A child named Saturday. Age unknown. Clever and spunky. No need to hold in the laughs. Rip-roaringly funny times will be covered here. Expose. Enter child to the left. No sorry, from the right. She giggles as she tweedles her thumbs and gives a polite smile to the audience.
“Uh! Mom, literacy is not even a real word!”
Fantastic! Quite on the mark. Literacy is actually a fine-tuned, highly distinguished, and prized specimen of the imagination (but only when growing rampant in an orderly fashion and slightly berserk in others). I agree. Upon examination I concur! Honest! Good job Saturday. Run along now.
It’s been a busy day in Neverland. We had the luxury of lounging around a pile of books fit for a king! Now I must say not one of them was dull. No. We were tackled with inspiration. Yes, it flew off the pages. Anything can happen right? Inspiration is quite the funny thing and I often find it in another book not to mention all around me. Consequently this blog of mine suffers while I put the next book together. You can’t blame me for my aspirations. Like I said, the inspiration flew off the page. I had to go catch it–slippery thing of a shadow I’ll say. So forgive me. I meant no harm dear blog and reader. I hope by the hook of my next creation you’ll understand.
On another note, I am still debating how much of a MS I should post on here considering they are sometimes below the 500 word mark. Who could object right? Opinions anyone? Thoughts?
“Like a map maker a writer must select and omit details, orient and move a reader, and navigate their own biases when writing.”–Bryan Winzer commenting on the book, Maps of the Imagination: The Writer As Cartographer.
If that is true then this book is next on my reading list right along with, Anatomy of Criticscism by Hermon Northrop Frye.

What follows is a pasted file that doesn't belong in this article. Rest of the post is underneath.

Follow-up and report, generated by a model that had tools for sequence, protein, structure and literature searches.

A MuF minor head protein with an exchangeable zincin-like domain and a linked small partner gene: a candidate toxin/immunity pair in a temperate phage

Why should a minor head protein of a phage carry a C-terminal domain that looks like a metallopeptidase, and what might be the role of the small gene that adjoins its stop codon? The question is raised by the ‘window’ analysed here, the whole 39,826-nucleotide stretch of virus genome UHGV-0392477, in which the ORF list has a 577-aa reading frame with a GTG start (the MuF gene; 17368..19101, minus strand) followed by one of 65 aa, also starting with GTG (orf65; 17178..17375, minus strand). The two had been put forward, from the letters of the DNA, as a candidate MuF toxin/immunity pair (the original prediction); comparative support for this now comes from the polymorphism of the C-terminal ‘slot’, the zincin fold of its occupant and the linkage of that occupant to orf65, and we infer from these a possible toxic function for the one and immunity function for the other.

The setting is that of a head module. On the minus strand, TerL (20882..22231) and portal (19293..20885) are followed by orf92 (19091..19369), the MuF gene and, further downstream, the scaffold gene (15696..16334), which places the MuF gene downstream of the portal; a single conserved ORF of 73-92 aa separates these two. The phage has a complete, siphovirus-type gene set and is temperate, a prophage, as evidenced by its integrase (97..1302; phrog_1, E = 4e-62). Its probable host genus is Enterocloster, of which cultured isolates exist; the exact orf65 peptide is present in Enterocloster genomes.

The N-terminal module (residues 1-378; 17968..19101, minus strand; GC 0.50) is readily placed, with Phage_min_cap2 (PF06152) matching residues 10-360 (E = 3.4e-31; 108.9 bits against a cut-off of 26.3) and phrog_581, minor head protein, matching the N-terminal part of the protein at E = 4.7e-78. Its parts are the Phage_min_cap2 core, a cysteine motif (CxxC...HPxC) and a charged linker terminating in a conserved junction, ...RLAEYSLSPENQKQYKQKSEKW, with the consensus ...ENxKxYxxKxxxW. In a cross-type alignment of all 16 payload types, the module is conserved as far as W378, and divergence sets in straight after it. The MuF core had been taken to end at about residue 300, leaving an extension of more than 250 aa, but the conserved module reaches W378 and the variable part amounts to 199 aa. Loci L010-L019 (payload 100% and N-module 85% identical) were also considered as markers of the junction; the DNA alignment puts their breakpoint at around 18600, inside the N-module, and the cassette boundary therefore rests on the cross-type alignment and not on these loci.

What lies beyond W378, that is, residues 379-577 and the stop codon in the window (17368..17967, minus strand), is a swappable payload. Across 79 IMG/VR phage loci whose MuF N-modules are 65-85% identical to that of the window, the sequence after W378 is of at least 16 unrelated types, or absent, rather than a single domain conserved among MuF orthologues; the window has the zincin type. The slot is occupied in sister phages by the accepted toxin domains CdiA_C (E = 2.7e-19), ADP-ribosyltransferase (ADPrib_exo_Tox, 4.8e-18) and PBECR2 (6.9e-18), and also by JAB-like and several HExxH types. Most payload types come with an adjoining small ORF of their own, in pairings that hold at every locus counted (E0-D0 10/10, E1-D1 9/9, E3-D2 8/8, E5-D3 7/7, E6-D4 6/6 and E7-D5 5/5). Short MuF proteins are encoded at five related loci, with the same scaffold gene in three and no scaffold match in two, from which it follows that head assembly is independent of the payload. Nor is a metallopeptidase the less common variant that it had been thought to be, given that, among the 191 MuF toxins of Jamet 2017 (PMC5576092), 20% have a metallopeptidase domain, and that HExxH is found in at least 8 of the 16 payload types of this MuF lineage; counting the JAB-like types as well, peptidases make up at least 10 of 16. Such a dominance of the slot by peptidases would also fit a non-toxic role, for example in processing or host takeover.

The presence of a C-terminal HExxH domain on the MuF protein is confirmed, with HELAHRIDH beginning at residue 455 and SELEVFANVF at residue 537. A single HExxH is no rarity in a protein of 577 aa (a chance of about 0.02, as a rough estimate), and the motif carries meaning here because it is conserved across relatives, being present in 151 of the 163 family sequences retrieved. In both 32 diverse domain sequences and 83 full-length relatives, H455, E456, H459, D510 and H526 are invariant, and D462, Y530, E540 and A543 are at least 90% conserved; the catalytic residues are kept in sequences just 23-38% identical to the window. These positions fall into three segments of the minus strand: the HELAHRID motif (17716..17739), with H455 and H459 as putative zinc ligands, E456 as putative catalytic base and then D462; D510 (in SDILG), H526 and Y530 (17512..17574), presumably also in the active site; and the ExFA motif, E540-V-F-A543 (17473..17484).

This quote could easily be about literature, writing and art:
“The place where our imaginations find the ideal that they try to pass on to belief and action, where they find the vision which is the source of both the dignity and the joy of life.
But you’ll have to read the book to find out. 🙂
I figure if I want to bloom as a writer I might as well unlock the “why and how” and the “what tickles my audiences imagination and mind” doors.
This simple quote sums up every writer’s dilemna. It puts all the rest of these quotes down the drain because it involves the struggle of passion and drive to the test:
- Write something to suit yourself and many people will like it; write something to suit everybody and scarcely anyone will care for it.–Jesse Stuart
Don’t miss it! Don’t whimper. Don’t sulk; avoid petulance with your own writing–there is no room for it. Seek your aspirations and endeavor to do well.
Bloomability is just around the corner!
I just must repost this fabulous jewel of information. I just cannot let it slip by! Thank you to kidlit for this post titled:
Here are some snippets from the post:
“A meaty situation or a controversial issue do not a fully fleshed-out manuscript make. It’s not enough. Lots of the most successful “issue books” or books where the character is in a bad situation keep these things in their back pockets but then evolve and build upon these issues or situations with a very rigorous plot.